The House of Lords has voted in support of an amendment to its flagship immigration bill which is designed to protect family reunion rules for asylum-seekers beyond Brexit.
The clause which was tabled by four peers including Alf Dubs, a former child refugee, aims to ensure that rights under UK law to family reunion, at present covered by EU legislation, known as the Dublin 111 treaty, will continue after the transition period ends.
The Dublin rules allow asylum seekers to be transferred to another member state to join family as they claim asylum but this will cease to apply when the transition period comes to an end on 31st December. The amendment was voted for by a significant majority of 317 votes to 223 against. The amended bill will return to the House of Commons, where the government may use its large majority to overturn the defeat.
Lord Dubs said, speaking after the vote, “Families should be together. The government defeat demonstrates the strength of feeling that we should not abandon our humanity and compassion by removing the right of children to be reunited with relatives here in the UK”. I would now urge the government to put their own words into practice, by rethinking its policy and supporting this amendment when it comes before the Commons”.
“Since 2015, 3079 people have transferred to the UK under the Dublin regulation, including 714 transfers in 2019, to be reunited with their families as they claim asylum. The Dublin regulations have been at the heart of the recent debate over the UK’s asylum policy, with the UK government arguing they are ‘rigid, inflexible and abused by migrants and activist lawyers”.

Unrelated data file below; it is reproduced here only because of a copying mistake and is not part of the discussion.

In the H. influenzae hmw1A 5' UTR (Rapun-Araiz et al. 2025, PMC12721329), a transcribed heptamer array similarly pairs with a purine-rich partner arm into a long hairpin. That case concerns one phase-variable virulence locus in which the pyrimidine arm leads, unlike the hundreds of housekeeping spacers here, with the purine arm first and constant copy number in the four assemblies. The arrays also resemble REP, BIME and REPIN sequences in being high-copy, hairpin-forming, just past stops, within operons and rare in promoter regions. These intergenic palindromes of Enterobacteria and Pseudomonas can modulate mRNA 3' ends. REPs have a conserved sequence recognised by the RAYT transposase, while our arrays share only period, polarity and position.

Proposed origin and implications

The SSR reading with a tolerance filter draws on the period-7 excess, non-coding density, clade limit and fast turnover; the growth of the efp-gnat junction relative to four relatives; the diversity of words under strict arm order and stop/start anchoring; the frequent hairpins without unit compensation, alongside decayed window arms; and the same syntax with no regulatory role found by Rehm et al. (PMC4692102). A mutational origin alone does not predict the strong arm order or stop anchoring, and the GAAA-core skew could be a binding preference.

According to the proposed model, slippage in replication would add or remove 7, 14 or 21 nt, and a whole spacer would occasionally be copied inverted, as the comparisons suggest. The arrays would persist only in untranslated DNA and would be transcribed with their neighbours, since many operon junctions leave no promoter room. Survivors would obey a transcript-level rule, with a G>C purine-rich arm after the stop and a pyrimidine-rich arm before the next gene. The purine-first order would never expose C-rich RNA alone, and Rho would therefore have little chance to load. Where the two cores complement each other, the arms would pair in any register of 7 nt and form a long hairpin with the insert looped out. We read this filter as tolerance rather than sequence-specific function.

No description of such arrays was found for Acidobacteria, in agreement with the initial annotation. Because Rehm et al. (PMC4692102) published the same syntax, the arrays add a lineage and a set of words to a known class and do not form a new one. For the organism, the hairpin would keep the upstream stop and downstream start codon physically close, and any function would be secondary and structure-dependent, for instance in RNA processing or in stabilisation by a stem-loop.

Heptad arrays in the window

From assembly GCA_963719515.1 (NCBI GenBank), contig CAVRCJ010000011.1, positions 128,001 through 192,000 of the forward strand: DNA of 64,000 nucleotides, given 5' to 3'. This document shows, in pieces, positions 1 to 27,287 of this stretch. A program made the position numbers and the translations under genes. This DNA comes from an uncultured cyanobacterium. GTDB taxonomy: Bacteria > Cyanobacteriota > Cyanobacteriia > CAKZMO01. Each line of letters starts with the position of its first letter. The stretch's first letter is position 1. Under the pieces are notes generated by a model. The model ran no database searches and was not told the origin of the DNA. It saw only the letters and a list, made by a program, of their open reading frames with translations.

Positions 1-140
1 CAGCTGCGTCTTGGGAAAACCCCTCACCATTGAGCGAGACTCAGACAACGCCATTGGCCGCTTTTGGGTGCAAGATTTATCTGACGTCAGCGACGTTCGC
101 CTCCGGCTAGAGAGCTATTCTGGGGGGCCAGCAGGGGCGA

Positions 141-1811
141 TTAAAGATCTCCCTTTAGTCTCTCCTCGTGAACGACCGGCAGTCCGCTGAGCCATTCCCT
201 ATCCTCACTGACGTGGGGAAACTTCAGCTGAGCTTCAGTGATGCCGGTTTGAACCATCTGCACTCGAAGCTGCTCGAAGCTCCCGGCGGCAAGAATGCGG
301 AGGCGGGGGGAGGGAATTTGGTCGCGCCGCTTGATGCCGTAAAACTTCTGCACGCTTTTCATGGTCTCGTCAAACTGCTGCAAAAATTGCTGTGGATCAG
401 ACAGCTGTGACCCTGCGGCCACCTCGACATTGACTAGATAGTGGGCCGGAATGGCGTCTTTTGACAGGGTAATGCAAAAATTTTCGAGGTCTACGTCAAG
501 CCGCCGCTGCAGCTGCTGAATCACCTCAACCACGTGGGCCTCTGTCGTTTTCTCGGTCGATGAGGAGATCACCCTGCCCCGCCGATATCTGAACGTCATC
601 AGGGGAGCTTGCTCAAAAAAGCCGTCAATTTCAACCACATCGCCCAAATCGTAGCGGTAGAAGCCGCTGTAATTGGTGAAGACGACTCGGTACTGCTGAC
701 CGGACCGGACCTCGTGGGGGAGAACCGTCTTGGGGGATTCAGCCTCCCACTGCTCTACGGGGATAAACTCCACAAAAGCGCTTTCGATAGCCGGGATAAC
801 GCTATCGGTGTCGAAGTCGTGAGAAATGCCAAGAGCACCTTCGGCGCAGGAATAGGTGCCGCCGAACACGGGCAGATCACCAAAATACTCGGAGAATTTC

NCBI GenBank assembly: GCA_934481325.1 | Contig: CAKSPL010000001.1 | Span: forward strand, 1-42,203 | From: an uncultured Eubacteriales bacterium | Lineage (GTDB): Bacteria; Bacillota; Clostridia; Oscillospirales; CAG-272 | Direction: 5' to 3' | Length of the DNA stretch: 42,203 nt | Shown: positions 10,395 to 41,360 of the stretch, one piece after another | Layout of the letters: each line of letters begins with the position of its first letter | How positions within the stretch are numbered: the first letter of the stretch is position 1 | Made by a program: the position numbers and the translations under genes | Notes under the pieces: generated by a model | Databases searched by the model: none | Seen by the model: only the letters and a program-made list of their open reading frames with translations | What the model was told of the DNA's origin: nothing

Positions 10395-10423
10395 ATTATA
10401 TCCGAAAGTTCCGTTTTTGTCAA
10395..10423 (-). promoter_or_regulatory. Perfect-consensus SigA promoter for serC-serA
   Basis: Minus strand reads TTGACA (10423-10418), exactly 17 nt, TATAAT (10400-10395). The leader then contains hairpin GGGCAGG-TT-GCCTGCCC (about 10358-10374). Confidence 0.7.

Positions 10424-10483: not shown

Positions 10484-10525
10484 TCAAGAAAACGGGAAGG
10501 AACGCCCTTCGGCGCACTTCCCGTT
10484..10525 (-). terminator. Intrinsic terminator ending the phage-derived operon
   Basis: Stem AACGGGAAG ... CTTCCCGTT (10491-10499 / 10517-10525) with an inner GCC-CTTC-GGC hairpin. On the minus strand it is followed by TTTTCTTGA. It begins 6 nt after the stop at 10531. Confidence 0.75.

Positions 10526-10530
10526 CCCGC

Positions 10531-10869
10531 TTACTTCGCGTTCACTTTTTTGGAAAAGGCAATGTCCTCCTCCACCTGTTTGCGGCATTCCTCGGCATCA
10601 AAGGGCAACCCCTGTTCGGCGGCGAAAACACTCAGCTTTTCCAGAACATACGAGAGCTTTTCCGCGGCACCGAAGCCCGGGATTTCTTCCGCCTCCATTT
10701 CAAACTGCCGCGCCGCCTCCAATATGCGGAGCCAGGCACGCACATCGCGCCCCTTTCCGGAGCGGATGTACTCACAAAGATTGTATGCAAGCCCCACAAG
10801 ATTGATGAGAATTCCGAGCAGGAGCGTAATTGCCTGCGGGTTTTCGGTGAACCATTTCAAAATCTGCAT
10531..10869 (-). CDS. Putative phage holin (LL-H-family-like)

Humanitarian groups and charities have however, said the rules provide one of a small number of remaining safe and legal routes for asylum seekers to reach the UK. In the absence of these legal routes, they argue, migrants are turning to high risk attempts to reach the UK, which include crossing the Channel in small boats. More than 7,000 migrants have reached the UK in small boats so far this year.
Chief executive of Safe Passage International, Beth Gardiner-Smith said: “This defeat should be a wake up call to the government that providing a safe and legal way for vulnerable refugee children from Europe to be reunited with their families is not only the moral thing to do but the will of a cross party collaboration across the house and local authorities”. Boris Johnson promised child refugees a path to safety, he has an opportunity now with this cross-party challenge to the immigration bill to secure it. The clock is ticking to the end of the year and unless the government acts now on the 1st January family reunion from Europe will end, shutting the door on safe and legal routes for children to be reunited with family in the UK. By accepting the amendment the government can fulfil its promise and ensure no child would be left alone in Europe without access to safe-legal routes to the UK”.
The executive director of Medecins Sans Frontieres UK, the humanitarian NGO, Vickie Hawkins, said: “It has been deeply disheartening to have watched the UK government abdicate their responsibilities by attempting to close down some of the few existing routes to safety for refugees and asylum seekers within Europe. This amendment gives the UK government a chance to take steps towards rectifying this. It is surely the bare minimum to ensure that safe routes to sanctuary in the UK stay open for unaccompanied children. We sincerely hope that the UK government with show some humanity and accept this amendment”.